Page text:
When the Fir Flies

Bob’s Trees asks:

“Do you yearn for the yearly family trip to the woods, the smell of a fresh-cut evergreen, and the experience of dragging the family tree through the snow?”

Yearn? Dread is more accurate, because in the past our yearly family trips to Bob’s have threatened to ruin Christmas before it even started. Like the year of the ice storm, when cars were doing 360s in the road on front of the tree farm. Or the time I lost my shoe in the mud —and then the car got stuck in the same mud. Or when I accidentally tied the doors of my car shut. I could go on and on. Freezing weather, rain, snow, slop, filthy stinking dogs, crying children, bitter arguments —these are the spirits of Christmas past at Bob’s Trees.

So naturally, if it goes too easily I get suspicious.

Friday we drove up the hill at Bob’s, found a tree, cut it down, and had it on top of the the car in no time at all. No fuss, no muss, in and out in five minutes. How is this possible, I wonder? There must be something wrong with this tree. Will a colony of spiders hibernating deep in its branches come to life and infest the house? Will I get home and find that it’s shed all of its needles? Will it mysteriously burst into flames?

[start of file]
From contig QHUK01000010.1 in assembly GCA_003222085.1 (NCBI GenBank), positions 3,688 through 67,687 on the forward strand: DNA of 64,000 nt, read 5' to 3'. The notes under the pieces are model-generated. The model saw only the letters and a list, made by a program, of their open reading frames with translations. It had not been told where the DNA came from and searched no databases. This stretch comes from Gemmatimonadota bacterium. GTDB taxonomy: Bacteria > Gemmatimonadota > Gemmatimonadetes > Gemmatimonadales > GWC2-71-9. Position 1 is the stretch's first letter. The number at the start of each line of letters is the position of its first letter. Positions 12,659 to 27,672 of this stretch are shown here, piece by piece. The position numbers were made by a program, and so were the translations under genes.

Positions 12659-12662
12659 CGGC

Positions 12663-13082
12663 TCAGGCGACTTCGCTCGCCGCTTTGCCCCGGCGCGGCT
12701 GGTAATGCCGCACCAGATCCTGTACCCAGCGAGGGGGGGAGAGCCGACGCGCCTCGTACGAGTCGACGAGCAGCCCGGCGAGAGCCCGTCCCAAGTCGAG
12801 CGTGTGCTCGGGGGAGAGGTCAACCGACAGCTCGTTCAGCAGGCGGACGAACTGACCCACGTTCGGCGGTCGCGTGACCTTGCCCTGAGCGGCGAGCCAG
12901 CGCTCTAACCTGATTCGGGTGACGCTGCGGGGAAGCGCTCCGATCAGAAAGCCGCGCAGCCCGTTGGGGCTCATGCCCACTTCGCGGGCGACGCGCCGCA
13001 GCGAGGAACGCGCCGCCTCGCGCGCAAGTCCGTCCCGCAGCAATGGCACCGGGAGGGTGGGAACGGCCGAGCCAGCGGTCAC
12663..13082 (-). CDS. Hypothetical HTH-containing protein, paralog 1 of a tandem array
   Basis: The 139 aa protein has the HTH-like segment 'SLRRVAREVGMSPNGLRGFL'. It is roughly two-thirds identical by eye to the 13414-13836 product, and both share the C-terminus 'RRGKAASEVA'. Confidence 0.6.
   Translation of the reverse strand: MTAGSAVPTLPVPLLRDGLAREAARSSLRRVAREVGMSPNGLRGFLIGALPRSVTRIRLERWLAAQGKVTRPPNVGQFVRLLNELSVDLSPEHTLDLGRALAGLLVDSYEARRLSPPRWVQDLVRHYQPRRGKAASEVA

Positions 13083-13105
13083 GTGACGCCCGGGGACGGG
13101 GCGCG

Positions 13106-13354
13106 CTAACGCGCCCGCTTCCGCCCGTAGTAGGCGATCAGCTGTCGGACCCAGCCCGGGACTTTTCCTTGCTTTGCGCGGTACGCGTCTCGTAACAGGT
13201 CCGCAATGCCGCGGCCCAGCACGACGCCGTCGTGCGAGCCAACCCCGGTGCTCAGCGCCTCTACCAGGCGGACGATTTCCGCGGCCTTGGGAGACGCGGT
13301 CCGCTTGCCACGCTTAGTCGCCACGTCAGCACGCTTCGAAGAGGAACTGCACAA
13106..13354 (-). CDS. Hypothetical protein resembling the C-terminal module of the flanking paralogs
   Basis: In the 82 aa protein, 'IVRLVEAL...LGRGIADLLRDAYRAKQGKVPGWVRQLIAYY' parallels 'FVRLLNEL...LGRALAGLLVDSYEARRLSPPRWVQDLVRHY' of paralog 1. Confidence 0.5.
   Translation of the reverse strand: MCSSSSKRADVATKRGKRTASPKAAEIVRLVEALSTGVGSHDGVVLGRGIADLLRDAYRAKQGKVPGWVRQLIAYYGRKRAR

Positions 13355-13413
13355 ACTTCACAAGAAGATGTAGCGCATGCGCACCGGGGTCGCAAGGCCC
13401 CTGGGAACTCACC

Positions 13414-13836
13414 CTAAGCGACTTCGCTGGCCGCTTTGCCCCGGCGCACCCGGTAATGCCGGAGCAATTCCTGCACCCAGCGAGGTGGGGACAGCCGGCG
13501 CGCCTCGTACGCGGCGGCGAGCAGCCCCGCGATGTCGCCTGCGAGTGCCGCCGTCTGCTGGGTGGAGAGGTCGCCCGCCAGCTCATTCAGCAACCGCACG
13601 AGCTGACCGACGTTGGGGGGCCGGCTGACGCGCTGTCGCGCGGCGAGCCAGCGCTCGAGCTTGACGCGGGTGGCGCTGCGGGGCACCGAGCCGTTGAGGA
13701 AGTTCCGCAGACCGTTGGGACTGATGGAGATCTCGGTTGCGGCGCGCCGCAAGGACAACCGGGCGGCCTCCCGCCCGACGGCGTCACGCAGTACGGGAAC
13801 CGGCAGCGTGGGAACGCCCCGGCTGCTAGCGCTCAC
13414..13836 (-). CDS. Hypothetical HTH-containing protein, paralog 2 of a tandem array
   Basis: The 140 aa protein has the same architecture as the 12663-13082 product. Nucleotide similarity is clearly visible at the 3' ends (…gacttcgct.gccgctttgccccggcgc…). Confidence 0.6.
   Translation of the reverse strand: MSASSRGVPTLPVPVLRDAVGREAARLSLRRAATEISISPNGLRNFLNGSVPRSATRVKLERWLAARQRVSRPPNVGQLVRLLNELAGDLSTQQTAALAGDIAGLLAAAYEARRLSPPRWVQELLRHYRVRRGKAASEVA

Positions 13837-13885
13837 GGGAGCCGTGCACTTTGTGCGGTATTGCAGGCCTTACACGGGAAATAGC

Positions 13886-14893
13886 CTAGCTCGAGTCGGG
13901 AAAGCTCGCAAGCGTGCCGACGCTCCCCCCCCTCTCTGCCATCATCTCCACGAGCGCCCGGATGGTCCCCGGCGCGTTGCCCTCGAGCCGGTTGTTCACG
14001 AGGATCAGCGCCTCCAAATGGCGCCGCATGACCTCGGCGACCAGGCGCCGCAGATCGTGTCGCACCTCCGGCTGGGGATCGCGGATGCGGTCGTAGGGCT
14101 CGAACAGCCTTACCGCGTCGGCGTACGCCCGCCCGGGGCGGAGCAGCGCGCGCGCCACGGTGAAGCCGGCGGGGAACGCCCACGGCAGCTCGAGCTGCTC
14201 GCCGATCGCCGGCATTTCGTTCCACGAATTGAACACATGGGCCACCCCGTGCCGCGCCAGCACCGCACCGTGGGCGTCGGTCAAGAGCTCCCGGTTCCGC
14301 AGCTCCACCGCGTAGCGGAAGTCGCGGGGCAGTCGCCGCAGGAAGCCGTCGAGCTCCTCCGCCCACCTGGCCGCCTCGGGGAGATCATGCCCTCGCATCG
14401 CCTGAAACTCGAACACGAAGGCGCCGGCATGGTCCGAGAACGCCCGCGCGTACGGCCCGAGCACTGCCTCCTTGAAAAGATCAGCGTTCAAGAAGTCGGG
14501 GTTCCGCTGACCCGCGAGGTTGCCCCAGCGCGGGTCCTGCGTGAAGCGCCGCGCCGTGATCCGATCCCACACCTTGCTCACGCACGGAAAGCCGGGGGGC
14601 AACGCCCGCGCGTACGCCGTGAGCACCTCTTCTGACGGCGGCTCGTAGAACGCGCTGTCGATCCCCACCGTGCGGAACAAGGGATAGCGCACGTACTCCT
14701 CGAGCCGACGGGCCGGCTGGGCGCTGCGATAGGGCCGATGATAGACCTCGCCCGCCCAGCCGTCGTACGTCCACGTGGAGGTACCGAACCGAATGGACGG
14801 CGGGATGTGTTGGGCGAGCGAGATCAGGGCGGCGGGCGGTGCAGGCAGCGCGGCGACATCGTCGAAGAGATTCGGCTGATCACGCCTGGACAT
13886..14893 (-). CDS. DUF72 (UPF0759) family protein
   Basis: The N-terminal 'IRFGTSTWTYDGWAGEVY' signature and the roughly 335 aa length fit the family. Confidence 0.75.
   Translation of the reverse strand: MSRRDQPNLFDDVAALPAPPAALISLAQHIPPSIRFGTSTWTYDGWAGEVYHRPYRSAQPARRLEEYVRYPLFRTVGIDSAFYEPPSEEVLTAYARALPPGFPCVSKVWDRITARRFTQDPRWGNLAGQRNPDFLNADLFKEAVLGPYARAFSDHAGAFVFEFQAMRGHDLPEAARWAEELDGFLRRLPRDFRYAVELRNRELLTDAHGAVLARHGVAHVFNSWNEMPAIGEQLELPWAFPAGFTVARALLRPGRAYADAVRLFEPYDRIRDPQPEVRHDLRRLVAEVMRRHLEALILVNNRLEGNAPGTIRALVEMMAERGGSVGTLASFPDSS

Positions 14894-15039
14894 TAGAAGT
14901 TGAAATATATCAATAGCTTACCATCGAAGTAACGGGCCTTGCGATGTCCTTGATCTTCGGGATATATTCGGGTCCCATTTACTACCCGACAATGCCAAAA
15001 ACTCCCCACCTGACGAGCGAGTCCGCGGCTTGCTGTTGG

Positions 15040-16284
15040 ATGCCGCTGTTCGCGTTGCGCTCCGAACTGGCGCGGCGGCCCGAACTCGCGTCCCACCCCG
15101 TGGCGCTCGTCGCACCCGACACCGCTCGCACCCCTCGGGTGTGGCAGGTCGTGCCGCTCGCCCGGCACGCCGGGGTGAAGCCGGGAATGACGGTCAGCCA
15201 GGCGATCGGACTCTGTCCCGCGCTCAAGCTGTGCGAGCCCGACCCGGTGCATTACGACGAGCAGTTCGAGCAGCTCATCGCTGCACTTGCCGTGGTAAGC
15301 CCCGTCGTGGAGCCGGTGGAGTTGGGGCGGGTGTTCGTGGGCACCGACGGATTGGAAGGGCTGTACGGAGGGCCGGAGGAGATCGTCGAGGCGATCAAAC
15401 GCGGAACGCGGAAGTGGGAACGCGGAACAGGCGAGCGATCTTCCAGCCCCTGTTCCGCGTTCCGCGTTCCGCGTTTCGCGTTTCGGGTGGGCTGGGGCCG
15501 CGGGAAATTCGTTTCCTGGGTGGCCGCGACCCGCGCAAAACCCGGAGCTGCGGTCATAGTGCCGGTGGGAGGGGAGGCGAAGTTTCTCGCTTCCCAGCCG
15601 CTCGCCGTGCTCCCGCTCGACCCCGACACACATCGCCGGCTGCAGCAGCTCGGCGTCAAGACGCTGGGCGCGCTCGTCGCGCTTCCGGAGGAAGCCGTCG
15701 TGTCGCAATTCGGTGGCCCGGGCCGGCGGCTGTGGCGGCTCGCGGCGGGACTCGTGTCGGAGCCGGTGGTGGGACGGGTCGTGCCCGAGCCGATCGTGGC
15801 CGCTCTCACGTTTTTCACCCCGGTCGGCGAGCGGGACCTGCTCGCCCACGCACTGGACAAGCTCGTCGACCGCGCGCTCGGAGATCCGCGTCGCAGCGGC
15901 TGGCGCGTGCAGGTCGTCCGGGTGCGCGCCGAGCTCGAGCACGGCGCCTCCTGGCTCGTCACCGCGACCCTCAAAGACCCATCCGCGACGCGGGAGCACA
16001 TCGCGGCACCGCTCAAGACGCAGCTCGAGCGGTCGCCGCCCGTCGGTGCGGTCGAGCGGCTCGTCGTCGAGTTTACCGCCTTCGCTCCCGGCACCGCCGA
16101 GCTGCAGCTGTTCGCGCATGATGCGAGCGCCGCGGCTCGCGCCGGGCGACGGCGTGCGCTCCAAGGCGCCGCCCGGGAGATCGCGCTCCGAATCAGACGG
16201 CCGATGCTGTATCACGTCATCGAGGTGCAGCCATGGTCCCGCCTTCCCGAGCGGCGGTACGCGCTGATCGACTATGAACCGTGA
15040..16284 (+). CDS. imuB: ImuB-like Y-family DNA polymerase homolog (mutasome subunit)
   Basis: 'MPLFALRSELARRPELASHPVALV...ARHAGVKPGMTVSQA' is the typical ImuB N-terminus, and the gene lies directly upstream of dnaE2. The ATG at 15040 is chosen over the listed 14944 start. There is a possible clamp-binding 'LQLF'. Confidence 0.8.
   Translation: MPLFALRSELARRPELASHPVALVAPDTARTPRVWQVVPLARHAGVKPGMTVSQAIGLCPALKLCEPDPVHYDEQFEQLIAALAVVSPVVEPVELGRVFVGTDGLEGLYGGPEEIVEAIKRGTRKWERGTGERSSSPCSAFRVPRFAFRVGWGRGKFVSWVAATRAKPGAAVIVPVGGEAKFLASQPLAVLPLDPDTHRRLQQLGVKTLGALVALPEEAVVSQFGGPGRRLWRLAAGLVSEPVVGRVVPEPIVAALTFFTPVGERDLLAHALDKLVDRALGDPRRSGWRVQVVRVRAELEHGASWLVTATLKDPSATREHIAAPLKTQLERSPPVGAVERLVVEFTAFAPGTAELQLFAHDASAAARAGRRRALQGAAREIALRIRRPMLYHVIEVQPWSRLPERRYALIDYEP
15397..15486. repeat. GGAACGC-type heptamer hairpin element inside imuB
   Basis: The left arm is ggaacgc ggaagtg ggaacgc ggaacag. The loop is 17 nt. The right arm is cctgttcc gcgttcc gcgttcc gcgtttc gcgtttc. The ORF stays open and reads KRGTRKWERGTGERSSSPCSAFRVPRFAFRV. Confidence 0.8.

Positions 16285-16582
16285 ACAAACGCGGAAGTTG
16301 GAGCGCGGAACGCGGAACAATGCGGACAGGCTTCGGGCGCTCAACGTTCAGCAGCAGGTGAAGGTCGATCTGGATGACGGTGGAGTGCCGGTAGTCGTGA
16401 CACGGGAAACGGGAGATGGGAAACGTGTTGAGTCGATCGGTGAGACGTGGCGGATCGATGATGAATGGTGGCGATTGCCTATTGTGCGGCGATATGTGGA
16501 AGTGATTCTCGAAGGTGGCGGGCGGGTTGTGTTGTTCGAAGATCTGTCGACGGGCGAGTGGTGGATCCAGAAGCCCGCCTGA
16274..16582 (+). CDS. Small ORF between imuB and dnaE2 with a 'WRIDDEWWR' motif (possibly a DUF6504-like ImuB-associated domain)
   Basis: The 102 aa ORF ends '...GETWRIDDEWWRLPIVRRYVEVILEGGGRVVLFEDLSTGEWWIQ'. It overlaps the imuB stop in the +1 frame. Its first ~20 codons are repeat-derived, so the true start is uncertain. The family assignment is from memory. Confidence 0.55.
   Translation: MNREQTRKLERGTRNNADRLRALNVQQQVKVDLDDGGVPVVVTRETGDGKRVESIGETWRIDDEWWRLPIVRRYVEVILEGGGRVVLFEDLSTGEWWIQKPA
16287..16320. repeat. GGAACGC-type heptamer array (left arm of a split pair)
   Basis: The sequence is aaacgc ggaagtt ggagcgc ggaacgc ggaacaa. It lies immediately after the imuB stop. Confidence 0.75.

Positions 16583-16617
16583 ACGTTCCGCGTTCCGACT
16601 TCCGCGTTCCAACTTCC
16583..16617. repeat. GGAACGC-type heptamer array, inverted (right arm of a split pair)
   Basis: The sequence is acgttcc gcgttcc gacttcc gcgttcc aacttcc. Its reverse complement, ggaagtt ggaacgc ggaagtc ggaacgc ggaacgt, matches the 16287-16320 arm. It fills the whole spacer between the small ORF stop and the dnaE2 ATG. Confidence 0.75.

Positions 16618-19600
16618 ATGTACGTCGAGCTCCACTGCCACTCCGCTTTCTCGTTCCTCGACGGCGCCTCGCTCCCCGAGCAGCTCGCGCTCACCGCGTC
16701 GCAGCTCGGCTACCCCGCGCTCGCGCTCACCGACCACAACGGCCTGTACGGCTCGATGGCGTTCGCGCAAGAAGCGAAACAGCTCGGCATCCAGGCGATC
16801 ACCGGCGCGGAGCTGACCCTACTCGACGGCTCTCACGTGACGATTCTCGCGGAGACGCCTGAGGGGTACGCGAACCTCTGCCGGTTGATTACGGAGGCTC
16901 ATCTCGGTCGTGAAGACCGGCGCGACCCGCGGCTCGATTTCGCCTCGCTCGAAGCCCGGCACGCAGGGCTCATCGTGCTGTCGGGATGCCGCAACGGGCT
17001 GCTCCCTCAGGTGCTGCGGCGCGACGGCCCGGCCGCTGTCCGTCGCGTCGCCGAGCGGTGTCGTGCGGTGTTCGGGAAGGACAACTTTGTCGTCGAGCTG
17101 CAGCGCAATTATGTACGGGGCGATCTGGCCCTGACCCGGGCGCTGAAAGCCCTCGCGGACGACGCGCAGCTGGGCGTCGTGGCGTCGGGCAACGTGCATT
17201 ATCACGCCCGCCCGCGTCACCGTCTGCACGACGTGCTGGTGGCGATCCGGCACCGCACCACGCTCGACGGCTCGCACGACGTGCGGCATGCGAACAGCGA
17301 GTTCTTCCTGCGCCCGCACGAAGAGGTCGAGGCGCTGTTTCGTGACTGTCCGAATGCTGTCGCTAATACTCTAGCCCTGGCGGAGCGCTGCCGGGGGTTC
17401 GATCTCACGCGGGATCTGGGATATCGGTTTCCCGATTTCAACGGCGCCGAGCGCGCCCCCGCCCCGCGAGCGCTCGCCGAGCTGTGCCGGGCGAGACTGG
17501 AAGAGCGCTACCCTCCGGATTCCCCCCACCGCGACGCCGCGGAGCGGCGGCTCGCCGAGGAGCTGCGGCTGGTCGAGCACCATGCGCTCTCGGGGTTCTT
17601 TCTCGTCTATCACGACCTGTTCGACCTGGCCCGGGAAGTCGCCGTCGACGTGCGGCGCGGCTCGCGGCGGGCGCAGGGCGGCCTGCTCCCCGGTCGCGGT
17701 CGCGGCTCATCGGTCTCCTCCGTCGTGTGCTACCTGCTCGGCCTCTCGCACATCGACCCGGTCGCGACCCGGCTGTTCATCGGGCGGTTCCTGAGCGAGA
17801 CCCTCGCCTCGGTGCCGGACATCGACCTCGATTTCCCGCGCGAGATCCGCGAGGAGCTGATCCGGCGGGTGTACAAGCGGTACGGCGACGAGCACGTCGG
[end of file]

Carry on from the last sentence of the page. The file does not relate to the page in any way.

There’s no way to tell, but meanwhile I am keeping an eye on this tree that came to our home without struggle or strife. Either there’s a catch somewhere or after twenty years we’re getting good at it.

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